Olmstead’s large contingent in the gate caused one tracksider to refer to the race as the Olmstead Open, but such is the nature of quarter horse racing at times_ in Minnesota for certain.

The owners of the winner, Tom and Bill Maher, were not present for the race. Eagles Span stumbled out of the gate in his last start and finished third. Rider Cody Smith had relegated that race to the distant past by post time Sunday. “You can’t let those races affect how you think going into another race,” he said.  This time, Eagles Span broke cleanly but bobbled slightly upon reaching a darkened portion of the track before resuming an otherwise clean run to finish in 17.949.

“He would have won by even more but for that,” Smith added.

 

   THOUGHTS FOR THE DAY

Here’s a thought on the first race, a quarter horse dash at 350 yards. Before the preliminaries even began _ we’re not calling this an anomaly _ a horse named After All A Blurr decided to sit in the gate and was forthwith scratched.

Imagine that __  a horse named After All A Blurr disappeared in an instant from the lineup.

Nothing terribly startling about the winner _  Regal Kate, trained by Stacy Charette-Hill, leading the standings by two wins over Jason Olmstead.

Until he cut it to one again with the win in the Futurity.

 

 

 

FILLIES, FANS, FUN AND FORECASTS

Be Proud
Be Proud

BY JIM WELLS

The weather changed patterns like Lady Gaga does wardrobes, fluctuating between forecasts of doom and gloom and sunny skies Sunday afternoon.

None of it dampened either the Fillies Race for Hope festivities or the race dedicated to the theme of the afternoon. By mere chance yet appropriately enough during this day dedicated to fight breast cancer, the day included several nods to the feminine gender.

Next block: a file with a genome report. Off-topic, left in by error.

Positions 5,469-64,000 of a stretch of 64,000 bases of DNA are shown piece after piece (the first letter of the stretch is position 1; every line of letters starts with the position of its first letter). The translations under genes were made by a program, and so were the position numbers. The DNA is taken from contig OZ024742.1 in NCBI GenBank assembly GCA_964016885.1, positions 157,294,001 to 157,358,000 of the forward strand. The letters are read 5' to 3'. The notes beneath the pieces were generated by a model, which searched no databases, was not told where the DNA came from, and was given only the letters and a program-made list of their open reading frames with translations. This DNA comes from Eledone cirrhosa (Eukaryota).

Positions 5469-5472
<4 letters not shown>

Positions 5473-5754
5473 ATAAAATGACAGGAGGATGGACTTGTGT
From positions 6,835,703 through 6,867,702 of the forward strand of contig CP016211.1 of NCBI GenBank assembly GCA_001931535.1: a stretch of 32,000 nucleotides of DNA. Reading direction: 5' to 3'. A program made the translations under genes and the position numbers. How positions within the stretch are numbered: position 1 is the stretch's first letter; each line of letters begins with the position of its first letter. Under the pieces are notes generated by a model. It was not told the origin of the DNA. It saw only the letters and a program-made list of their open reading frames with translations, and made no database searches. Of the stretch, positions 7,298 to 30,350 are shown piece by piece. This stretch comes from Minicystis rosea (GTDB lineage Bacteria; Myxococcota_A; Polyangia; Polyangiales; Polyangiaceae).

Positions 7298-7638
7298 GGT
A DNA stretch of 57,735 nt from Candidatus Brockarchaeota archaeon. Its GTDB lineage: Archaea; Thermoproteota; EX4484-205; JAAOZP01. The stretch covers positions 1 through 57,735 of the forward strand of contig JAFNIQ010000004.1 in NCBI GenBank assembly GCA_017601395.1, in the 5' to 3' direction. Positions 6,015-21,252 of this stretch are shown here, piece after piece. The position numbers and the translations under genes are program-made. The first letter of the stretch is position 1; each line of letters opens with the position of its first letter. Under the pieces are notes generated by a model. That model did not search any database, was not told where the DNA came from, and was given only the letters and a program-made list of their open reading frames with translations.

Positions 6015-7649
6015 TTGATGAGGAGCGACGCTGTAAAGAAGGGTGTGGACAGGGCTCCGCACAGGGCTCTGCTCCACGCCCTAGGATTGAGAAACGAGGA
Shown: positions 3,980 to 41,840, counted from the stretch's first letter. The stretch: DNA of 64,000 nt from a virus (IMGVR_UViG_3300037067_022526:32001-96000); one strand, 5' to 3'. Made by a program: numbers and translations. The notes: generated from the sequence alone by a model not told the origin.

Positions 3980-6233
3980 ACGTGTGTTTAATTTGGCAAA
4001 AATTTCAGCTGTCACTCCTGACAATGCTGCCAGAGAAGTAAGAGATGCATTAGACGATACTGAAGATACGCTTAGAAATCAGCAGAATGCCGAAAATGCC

Paddock analyst Angela Hermann was moved into the announcer’s booth in the absence of Paul Allen, who called the play-by-play for the Minnesota Vikings Hall of Fame game on Sunday.

Hermann made history a couple of years ago by becoming the first female in racing annals to call an entire card, something she did during the previous meet in Shakopee also.

That this opportunity occurred as it did, coinciding with a day dedicated to the prevention and treatment of a predominantly female disease, was serendipitous as opposed to planned.

Angela Hermann
Angela Hermann

 

The highlight of the racing card was the Hoist Her Flag Stakes, a $40,000 guaranteed sprint for, naturally, fillies and mares.

Speculation surrounding the race posed several questions:

Could Makinmymark extend her winning streak to four straight and at the same time do what she failed to do in this race last year _ win?

Could Polar Plunge, previously owned by late Hall of Fame breeder Cam Casby, win her second race of the year under the colors of new ownership, the Ulwellings?

Had Be Proud truly found her place on the racetrack after trying different surfaces and different distances?

The answer to the final question was a profound yes after Be Proud, who stalked the pace under Geovanni Franco through the early going, rallied on the turn and then drew off to a half-length victory over closing Polar Plunge, who had a length on Queen Kate.